Broward County, Florida’s Hillsboro Club faces a proposed class action wherein a former dishwasher alleges he and other workers did not receive proper notice upon being terminated at the onset of the COVID-19 pandemic.
The 33-page case alleges the private-residence club violated the Worker Adjustment and Retraining Notification (WARN) Act by failing to provide at least 60 days’ notice before conducting a mass layoff in March or April 2020. According to the suit, the plaintiff and at least 55 other employees were laid off around that time, and another 35 were laid off by the Hillsboro Club in June, without the requisite notice or being paid wages, benefits, commissions or accrued vacation for 60 working days following the layoff.
The 56-year-old plaintiff, who the complaint says lived at the property as an employment benefit, also alleges he was discriminated against on the basis of age, sex and a disability for which he was required to wear a cardiac event monitor after undergoing a series of life-threatening medical procedures and treatment related to heart and lung diseases.
The plaintiff alleges that when the Hillsboro Club temporarily closed in 2020, he was “specifically promised” that he was going to be the first person offered continued employment as a cook/salad cook/line cook upon the club’s reopening. The man alleges that instead, he was offered a job as a dishwasher upon the club’s reopening, and that his former cook position was given to a younger female employee.
Prior to that, from around April through November 2020, the plaintiff underwent a series of life-threatening medical procedures and treatment, including surgery, related to heart and lung disease, for which he was required by his doctor to wear a cardiac event monitor. According to the case, the plaintiff’s heart condition qualifies as a disability since it restricts the man from certain everyday activities.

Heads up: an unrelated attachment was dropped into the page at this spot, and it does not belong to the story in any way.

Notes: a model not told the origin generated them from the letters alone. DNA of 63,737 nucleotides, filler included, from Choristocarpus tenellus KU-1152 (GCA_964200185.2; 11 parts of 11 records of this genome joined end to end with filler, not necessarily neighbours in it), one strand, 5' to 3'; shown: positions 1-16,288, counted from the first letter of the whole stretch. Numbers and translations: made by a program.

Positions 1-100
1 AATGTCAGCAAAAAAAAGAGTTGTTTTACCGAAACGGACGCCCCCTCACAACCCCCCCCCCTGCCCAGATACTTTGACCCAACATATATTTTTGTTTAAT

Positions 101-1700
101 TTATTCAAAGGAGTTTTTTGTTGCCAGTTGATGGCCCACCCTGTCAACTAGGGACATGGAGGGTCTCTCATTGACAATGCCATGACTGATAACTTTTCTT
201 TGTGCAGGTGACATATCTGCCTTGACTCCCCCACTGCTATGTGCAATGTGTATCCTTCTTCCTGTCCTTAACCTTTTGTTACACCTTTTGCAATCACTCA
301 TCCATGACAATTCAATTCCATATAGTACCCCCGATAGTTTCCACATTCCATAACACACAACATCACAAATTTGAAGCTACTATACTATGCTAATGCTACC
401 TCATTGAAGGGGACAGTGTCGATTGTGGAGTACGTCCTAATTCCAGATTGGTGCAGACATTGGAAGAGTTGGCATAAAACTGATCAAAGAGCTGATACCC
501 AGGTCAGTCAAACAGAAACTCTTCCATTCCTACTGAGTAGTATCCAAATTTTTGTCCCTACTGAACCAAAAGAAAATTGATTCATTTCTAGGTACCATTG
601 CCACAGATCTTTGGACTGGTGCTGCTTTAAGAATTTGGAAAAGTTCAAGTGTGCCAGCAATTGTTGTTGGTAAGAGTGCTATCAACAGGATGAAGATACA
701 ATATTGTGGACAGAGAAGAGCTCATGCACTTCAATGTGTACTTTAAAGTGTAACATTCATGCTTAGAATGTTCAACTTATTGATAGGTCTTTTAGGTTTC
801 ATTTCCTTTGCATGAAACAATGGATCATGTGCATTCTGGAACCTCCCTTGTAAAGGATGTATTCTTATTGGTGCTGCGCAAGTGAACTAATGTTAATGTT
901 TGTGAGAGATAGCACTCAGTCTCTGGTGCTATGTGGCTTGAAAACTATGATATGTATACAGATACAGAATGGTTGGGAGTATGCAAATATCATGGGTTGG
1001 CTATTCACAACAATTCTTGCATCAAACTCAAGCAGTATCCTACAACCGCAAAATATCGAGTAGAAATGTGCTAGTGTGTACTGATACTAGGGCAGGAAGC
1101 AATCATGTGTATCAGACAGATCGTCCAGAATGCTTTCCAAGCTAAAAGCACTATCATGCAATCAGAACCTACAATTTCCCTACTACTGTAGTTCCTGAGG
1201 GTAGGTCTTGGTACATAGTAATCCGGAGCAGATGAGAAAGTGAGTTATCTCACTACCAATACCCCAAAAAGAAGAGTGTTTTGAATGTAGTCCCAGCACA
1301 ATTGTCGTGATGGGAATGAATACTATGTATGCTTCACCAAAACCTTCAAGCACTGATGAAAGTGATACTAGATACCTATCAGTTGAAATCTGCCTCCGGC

The plaintiff alleges that one day, upon going to pick up his mail, he met with the Hillsboro Club’s events director, who noticed he was wearing the cardiac event monitor. According to the suit, the event director asked the plaintiff what the device was, if he needed to wear it all the time, and if he was ok to work, among other comments.
The case claims that later that day, the plaintiff went to see the Hillsboro Club’s general manager to request a reasonable accommodation and confirm that he was fit to work and that the cardiac event monitor did not and would not interfere with his responsibilities. The plaintiff learned, however, that the manager was in a meeting with the club’s events director and new chef, the suit says.
Moments later, the plaintiff was told that he was being terminated because “Defendant did not need him anymore,” the lawsuit alleges. Per the case, the defendant made no good faith effort to accommodate the plaintiff’s “disability or perceived disability.”
“Defendant intentionally engaged in unlawful employment practices and discrimination in violation of the [Americans with Disabilities Act] by treating Plaintiff differently than similarly situated employees in the terms and conditions of his employment,” the case alleges, claiming the plaintiff was fired due to his disability.
The lawsuit looks to cover all Hillsboro Club employees who lost their employment with the company from about late March or early April 2020 to June 2020, or within 30 days of that date, without receiving 60 days’ advance written notice of the layoff.
Get class action lawsuit news sent to your inbox – sign up for ClassAction.org’s free weekly newsletter here.
Camp Lejeune residents may soon have the opportunity to claim compensation for harm suffered from contaminated water.